with quickly.  Anything that did not stick together, I simply "glued" back on with water.  It is really cool looking.

Sugared Plum Soap (CP/MP soap)
*This recipe includes a mixture of cold pour soap and melt and pour
CP soap bar
Plum FO
MP Base
Purple colorant/dye
Here's how I did it:  I made the cp soap, cut it into bars, and let it cure 4 weeks.  Next, I sliced off a sliver of the top with a crinkled french fry cutter (with the wavy blade).  Then I took a knife and cutdeep (maybe 1/4" deep) slits in each furrow.  I didn't want to take any chances on the two
pieces splitting apart.  Next, all the soaps went back into the mold with wood slats slipped in to hold the bars tightly together (since they shrink during curing). Melt the melt and pour base. Add plum fragranceoil and purple colorant.  I poured the purple over the top, let sit afew hours, then cut the bars again.  They needed a little trimming, but not much.
Homesong Handcrafted Soaps

Whey Cool Soap
TX June
11 oz Sunflower oil
8 oz coconut oil
7 oz palm oil
11.37 oz Whey ( you could sub milk if you wanted; I'm sure..I also read that you could put store bought yogurt in cheesecloth and the water strained from that is whey; you could use that too)
3.98 oz lye
Mixed when  lye water and oil reached 100 degrees
Added 1/4 tsp green pigment to a little amount of water (about 1/2 TBLS) which I heated first, so as not to shock my oil mixture. Also added Peppermint EO until it smelled good. LOL About 1 tsp. Added pigment and EO at trace.

Cranberry Coconut Soap
Large Batch
By Nancy aka soapstress ;)
80 oz olive
6 oz coconut oil
19.7 oz water
4.3 oz coconut milk (woulda used more milk, less water, but at the time
I was experimenting and this was all I had for coconut milk --next time
it will be 12 oz water and 12 oz milk)
11.5 oz lye
3 cerise color chips
1 oz cranberry FO
1 oz coconut FO
Set aside 2 oz coconut oil.  Mix lye/water bring to 85-90 degrees. Heat olive and coconut oils and get to 110 degrees.  Mix together, get trace.  Heat the other 2 oz of coconut milk and melt the color chips in it while it heats.  At trace, add the fos, then pour in the coconut oil/cerise color blend and gently swirl into the soap.  Very gently as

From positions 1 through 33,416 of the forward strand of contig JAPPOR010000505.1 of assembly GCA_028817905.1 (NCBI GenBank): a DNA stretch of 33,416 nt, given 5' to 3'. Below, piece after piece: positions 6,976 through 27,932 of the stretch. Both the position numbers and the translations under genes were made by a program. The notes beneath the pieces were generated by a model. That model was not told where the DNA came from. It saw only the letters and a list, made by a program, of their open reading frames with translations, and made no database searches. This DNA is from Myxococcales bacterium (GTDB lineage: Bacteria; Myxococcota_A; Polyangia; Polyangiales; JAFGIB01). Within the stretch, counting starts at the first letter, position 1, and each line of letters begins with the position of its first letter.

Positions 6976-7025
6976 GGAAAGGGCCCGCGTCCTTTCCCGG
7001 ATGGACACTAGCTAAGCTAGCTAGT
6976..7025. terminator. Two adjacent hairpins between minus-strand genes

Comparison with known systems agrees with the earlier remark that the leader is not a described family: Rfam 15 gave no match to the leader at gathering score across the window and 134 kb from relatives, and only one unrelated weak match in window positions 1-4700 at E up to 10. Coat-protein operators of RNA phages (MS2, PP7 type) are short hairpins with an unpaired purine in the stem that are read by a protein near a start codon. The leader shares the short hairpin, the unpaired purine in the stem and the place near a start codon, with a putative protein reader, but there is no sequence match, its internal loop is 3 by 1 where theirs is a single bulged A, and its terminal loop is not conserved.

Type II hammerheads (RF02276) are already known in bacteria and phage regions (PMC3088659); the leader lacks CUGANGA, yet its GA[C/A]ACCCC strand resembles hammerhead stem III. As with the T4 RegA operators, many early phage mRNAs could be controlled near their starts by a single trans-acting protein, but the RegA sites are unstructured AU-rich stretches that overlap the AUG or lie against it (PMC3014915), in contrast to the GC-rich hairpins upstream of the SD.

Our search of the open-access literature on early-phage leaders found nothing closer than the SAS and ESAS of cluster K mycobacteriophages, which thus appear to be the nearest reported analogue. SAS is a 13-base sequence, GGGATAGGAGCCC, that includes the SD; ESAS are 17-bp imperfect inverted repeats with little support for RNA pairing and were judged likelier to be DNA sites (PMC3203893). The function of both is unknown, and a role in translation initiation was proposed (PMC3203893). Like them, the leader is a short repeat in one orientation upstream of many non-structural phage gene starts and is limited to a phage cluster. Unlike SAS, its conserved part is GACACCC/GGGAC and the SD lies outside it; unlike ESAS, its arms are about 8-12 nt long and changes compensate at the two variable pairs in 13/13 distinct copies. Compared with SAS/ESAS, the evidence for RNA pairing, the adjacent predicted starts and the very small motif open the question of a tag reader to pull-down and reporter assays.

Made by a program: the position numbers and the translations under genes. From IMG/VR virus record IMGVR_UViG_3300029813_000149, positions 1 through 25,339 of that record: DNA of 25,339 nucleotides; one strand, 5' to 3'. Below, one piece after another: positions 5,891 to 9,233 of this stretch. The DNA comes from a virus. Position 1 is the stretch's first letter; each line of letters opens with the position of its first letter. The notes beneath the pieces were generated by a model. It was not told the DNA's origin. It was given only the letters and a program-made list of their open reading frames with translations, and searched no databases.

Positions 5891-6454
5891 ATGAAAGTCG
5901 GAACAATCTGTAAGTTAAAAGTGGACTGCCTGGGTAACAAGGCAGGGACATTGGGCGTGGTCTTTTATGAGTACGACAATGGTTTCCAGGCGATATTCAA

when you pour it will swirl more.  That's it!  I did add titanium dioxide first to whiten the soap, but it wasn't necessary, the white part would have been a nice creamy color without it. I just love this one, it's my fave.

Cream and Honey Soap
By Patrice Spencer
6 ounces coconut oil
6 ounces crisco
4 ounces olive oil
2 ounces lye
1 cup water
1/4 cup honey
2 ounces beeswax
1/4 cup heavy whipping cream
Melt coconut oil and Crisco together. Pour lye into the water. Melt the honey, beeswax and olive oil together. When the lye/water is 110 and the coconut oil/Crisco is 130, pour the lye/water into the oils. After this traces, pour the honey mixture into the traced soap. After pouring in the honey/beeswax pour in the cream. I used heavy whipping cream. Don't ask me why I did this...I will plead insanity. Continue stirring until blended and pour into molds. Unmold after 24-48 hours after pouring. Age3 to 4 weeks.

Raspberry Oatmeal Soap
12 oz grated soap
5 oz water
1/4 cup finely ground oats
1/8 oz Raspberry Fragrance oil
Combine the grated soap and water in a saucepan, and set on medium
When the soap has melted, add the ground oats, and raspberry fragrance.
Stir well, then pack into molds and let sit until hardened.

Heather Stevens


French Vanilla Almond Soap
1/3 cup whole almonds
10 oz grated soap
1/2 cup distilled water
2 tablespoon almond oil
1/4 teaspoon Dragon Bubbles French Vanilla Fragrance oil

Grind the almonds to a fine powder in a food processor or coffee
and set aside. In a heavy saucepan bring the water to a boil; then
reduce heat to a simmer and add grated soap. When the soap has melted,
remove the pan from the heat and add the almond powder, almond oil, and
vanilla fragrance oil, stirring until well blended. Spoon the soap into
a mold and let set for five hours or until hardened.